Martin Hawver
Guest Columnist
Some of us Statehouse old-timers are already double-checking the ink in our pens and putting aside a new notebook for what promises to be the most politically divisive bare-knuckles hearings of the Kansas legislative off-session.
The hearing is about health care, and it’s about that health insurance exchange that is a key to the Affordable Care Act—you know, the one that many call, well, the Affordable Care Act, and that many call “Obamacare.”
It’s one of those issues that has caused bitter disputes in (mostly) the Republican Party that will play out in next summer’s primary elections for legislative seats. Both factions of the Republican Party plus the Democratic Party will be watching the hearing closely.
At the Sept. 19 meeting of the Joint Committee on Health Policy Oversight, Lt. Gov. Jeff Colyer—the Brownback administration’s quarterback on all things health-related—will be explaining why an $85 million program for making sure that nobody’s cheating the Medicaid health-care system for the poor isn’t a prelude to a health insurance exchange.
That exchange is a key because if the Affordable Care Act makes it though dozens of court challenges probably leading to the U.S. Supreme Court (either before or after the 2012 election at which President Barack Obama stands for reelection), we’re going to need a system so that everyone who is by federal law required to buy health insurance under the Affordable Care Act has a place to buy it.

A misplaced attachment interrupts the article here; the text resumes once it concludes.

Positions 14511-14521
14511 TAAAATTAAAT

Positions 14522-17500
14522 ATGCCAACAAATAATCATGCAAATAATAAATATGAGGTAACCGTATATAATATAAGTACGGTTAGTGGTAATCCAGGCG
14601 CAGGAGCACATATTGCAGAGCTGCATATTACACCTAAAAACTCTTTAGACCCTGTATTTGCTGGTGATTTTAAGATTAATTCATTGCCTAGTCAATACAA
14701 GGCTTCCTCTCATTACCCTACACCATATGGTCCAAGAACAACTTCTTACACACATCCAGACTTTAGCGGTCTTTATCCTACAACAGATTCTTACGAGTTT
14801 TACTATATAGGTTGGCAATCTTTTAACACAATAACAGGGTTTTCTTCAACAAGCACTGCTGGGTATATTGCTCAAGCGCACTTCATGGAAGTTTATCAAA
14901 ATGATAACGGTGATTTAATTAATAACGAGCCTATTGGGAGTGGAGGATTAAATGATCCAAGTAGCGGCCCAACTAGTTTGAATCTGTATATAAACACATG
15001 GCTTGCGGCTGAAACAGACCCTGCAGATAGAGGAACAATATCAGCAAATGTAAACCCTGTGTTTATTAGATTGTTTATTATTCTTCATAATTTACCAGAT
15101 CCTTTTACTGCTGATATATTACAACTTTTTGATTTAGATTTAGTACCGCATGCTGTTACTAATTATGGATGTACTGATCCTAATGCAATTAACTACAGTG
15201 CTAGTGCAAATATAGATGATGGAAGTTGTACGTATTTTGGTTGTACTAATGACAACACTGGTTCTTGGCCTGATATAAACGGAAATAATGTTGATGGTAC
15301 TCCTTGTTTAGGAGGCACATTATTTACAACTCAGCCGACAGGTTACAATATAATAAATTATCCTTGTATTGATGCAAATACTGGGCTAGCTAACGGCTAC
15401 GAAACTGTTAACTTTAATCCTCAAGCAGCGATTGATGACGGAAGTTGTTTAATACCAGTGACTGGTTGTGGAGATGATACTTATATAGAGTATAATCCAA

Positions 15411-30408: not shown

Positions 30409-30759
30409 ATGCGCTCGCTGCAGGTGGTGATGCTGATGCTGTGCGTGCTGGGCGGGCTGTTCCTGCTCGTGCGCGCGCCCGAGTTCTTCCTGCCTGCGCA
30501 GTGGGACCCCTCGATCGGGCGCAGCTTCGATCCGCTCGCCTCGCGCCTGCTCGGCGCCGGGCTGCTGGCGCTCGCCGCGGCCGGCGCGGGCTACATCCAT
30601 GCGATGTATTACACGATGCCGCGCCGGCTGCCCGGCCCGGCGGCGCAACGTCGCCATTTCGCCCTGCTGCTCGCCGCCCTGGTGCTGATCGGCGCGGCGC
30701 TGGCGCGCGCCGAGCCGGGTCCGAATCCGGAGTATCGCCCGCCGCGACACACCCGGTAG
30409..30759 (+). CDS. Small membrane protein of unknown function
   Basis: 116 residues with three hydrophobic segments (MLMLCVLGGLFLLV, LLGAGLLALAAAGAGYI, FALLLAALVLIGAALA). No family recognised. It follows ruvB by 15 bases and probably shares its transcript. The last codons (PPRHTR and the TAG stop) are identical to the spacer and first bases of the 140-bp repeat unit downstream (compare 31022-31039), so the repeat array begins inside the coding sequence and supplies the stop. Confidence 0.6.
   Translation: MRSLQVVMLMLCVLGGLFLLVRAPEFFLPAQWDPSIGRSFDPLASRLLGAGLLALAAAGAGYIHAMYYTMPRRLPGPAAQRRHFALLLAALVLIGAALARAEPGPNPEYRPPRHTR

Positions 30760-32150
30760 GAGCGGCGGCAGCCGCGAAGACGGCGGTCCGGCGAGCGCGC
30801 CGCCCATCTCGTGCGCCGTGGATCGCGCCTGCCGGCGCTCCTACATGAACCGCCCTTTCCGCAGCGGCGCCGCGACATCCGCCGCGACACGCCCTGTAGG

The hearing will inevitably swing to the argument about whether the federal government can force people who can afford it to buy health insurance. That’s the key: The federal government forcing Kansans to spend money on health insurance.
It isn’t just about health care, it’s about who has to pay for it, a political firestorm for conservatives.
The real issue will be the degree of honesty about who pays for health care.
We care for the poor who simply can’t afford insurance because, well, that’s what Americans do. Often the government pays the medical bills for the poor, but you help—and not just through taxes, but by higher insurance premiums if you buy insurance or see your employer deduct a healthy percentage from your paycheck to pay for employer-provided health insurance.
But what about that guy sitting beside you at the doctor’s office who drove a nicer car to the office than you did and who chooses not to buy health insurance—and who might get medical care for free that drives up your health premiums?
But making that guy-with-the-better-car buy health insurance? And, creating an exchange where he can be sent to buy that insurance?
Key at the hearing will be explaining why that new program to make sure nobody’s cheating Medicaid out of free health care doesn’t also identify people who ought to be directed to that exchange, if the courts uphold the mandatory insurance provisions of the Affordable Care Act.
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